The panda, it’s an animal with a cult following, but how did we get here? How did the panda become a cultural icon around the world?

It turns out, it’s a fascinating story that started with an adventurous flapper, and a panda named Su Lin.

Image: A panda relaxing on a tree with its tongue out a tiny bit

Source: Pixabay

So, who was this woman? Her name was Ruth Harkness, and in 1936 she set off to China with a mission to be the first person to bring a panda back from China alive.

Here’s The Brain Scoop with her remarkable story, and a little history on where all this panda-monium started…

If you haven’t discovered The Brain Scoop yet, it’s really worth diving into! Find them here and just get lost in the wonderful world of they highlight and curate for us all.

Obviously, conservation has come a long way in the past 80 years, but our love for animals like the panda plays an important role in spearheading our efforts.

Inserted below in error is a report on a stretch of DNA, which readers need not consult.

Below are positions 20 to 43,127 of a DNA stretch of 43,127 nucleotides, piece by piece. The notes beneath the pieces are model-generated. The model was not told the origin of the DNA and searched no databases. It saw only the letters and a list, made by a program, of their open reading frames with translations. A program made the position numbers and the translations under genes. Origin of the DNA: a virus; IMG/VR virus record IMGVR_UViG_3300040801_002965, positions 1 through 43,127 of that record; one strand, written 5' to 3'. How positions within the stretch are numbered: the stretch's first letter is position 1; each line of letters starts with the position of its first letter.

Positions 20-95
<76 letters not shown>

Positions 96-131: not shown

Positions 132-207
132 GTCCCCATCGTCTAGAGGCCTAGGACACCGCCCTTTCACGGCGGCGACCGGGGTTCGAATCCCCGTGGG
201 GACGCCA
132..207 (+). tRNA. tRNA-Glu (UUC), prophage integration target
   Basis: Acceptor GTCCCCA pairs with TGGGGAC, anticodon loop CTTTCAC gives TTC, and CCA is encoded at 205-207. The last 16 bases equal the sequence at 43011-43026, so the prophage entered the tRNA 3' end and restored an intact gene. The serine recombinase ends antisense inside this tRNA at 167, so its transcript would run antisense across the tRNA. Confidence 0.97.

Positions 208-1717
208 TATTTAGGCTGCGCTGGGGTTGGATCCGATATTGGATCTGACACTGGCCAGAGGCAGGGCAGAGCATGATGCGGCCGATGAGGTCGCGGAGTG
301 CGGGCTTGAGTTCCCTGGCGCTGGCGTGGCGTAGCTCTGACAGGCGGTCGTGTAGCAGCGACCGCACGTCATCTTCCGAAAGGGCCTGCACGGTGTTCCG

Would we care as much about habitat loss in China right now if the panda wasn’t such a beloved animal?

The panda reminds us of the important role education plays in environmental activism. In order to get people to care about conservation in a real way, we have to convince people that the planet, and it’s remarkable species, are worth saving!

We are entering a new era for conservation and environmental activism. Technology is allowing us to collect better data to inform our decisions, and the collaboration between artists and activists is bringing the stories that need to be told into our lives like never before.

Stay beautiful & keep laughing!


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  1. “The Flapper and the Panda.” YouTube. Thebrainscoop, 15 July 2016. Web. 25 Aug. 2016. <>.

Liesl Ulrich-Verderber

CEO of Ever Widening Circles, Founder of EWCed

Since 2015, Liesl has been a writer, editor, and is now the CEO at Ever Widening Circles. She is a life-long camera-toting traveler, a global story seeker, and an aspiring—but more often root-tripping—outdoor enthusiast. She can be found on Instagram @Liesl.UV